Abstract: ilicon carbide (SiC)-based power modules in automotive applications are becoming more and more important in the framework of battery and hybrid vehicles. Consequently, the reliability concerns related to these products must be carefully assessed, considering the harsh environment of automotive applications. The aim of this work is to give some insights into the reliability assessments during the design stage of SiC modules devoted to traction applications, considering different aspects such as power cycle, thermal characterization, and solder joint reliability.
Abstract: Detection and identification of production defects in semiconductor industry is a key process to allow effective quality control of manufacturing. The advent of new technologies including Silicon and Silicon Carbide, highlights the necessity to have a robust detection system of wafer defects.The Electrical Wafer Sorting (EWS) stage based on defects map electrical analysis is suitable to spot anomalies and defect patterns in the wafer. This time consuming phase enables semiconductor companies to optimize and improve manufacturing process also through the usage of modern deep learning approaches. The proposed pipeline addresses the need to have a full-automatic wafer manufacturing defects identification system based on the EWS wafer map intelligent analysis and by using an approach based on a Deep Convolutional Neural Network combined with an unsupervised sub-system. The collected experimental results confirmed the robustness of the proposed approach.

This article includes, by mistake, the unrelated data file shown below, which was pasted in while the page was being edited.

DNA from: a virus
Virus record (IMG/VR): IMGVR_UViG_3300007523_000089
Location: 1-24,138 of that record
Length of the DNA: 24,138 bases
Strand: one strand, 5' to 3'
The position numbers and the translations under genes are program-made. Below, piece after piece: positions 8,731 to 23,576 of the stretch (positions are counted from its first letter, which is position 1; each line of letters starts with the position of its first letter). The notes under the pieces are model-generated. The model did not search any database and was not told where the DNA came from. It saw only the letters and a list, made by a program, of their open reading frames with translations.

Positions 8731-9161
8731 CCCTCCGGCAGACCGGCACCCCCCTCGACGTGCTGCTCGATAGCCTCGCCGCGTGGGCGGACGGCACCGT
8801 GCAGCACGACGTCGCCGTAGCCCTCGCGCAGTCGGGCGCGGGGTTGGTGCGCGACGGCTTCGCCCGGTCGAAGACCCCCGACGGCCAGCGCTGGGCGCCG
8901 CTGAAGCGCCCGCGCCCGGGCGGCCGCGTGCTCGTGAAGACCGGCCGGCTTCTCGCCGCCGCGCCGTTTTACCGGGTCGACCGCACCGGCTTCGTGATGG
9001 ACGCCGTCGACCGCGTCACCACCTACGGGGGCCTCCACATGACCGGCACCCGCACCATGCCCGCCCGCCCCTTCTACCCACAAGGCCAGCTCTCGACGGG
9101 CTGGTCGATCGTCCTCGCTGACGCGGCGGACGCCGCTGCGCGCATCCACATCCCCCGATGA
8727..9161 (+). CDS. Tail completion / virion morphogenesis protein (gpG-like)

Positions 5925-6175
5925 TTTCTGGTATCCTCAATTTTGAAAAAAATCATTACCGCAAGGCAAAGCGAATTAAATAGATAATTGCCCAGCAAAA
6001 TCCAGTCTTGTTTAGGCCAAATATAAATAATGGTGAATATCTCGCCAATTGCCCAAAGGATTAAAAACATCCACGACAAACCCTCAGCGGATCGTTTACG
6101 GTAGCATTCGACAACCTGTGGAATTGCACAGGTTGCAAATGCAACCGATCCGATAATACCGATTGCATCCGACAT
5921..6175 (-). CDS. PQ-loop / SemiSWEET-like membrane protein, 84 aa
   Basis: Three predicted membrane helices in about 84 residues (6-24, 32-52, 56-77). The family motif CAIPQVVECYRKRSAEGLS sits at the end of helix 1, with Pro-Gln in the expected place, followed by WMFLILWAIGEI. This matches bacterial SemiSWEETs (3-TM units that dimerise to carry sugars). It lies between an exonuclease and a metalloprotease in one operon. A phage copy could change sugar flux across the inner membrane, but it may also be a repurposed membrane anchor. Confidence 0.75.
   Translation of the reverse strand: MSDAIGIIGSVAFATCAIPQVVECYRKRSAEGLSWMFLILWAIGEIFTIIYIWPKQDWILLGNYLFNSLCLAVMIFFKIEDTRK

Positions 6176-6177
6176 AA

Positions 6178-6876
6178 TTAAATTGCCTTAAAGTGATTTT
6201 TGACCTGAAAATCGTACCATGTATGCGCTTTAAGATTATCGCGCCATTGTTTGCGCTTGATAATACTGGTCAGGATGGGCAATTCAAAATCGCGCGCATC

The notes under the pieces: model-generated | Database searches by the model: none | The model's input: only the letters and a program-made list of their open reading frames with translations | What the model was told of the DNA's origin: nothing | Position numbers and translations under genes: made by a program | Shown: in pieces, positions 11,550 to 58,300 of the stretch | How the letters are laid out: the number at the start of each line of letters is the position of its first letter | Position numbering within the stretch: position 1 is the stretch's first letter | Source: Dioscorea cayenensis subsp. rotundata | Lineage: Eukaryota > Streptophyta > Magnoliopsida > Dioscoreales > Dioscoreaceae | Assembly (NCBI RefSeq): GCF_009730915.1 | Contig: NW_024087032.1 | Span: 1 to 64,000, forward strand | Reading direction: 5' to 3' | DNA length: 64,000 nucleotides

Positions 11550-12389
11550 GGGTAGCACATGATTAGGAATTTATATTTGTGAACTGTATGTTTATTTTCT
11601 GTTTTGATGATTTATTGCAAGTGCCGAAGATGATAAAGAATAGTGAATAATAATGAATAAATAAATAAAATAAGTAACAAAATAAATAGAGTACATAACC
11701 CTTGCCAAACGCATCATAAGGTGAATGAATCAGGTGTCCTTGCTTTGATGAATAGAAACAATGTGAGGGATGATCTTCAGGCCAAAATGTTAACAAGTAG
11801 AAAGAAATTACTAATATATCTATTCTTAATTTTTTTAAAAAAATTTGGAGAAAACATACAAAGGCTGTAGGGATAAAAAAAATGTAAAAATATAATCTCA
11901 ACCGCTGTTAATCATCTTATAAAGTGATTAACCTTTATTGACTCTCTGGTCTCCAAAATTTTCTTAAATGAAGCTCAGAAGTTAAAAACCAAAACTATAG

Abstract: Structural mechanics and mechanical reliability issues are becoming more and more challenging in the semiconductor industry due to the continuous trend of the device dimensional shrinkage and simultaneous increased operative temperature and power density. As main consequence of the downsizing and more aggressive operative conditions, the mechanical robustness assessment is now having a central role in the device engineering and assessment phase. The risk of mechanical crack in the brittle oxide layers, which are embedded in pad stacks, increases during the device manufacturing processes such as the electrical wafer testing and during wire bonding. This risk increases with the presence of intrinsic mechanical stress in individual layers resulting from the metal grain growth mechanisms, the stack layers’ interfacial mismatches in coefficients of thermal expansion and the temperature stress induced by doping diffusion and film deposition. The current trend of innovation in the electronic industry is going over the semiconductor material itself and it is now impacting the improvement of the Back-End of Line. Key actors are becoming the interactions between the semiconductor die and the device packaging such as adhesion layers, barriers and metal stacks. In the present work, different pad structures have been structurally analyzed and benchmarked. The experimental characterization of the pad structures has been done through a flat punch nano-indentation to investigate on the mechanical strength and the crack propagation. The considered mechanical load reproduces the vertical impact force applied during wire bonding process to create the bond-pad electrical interconnection. The obtained testing results have been compared to finite element models to analyze the stress distribution through the different layers’ stacks. Scope of this work is to demonstrate the validity of the proposed integrated numerical/experimental methodology, showing the impact of the metal connections layouts by the analysis of the stress notch factors and crack propagation behaviour.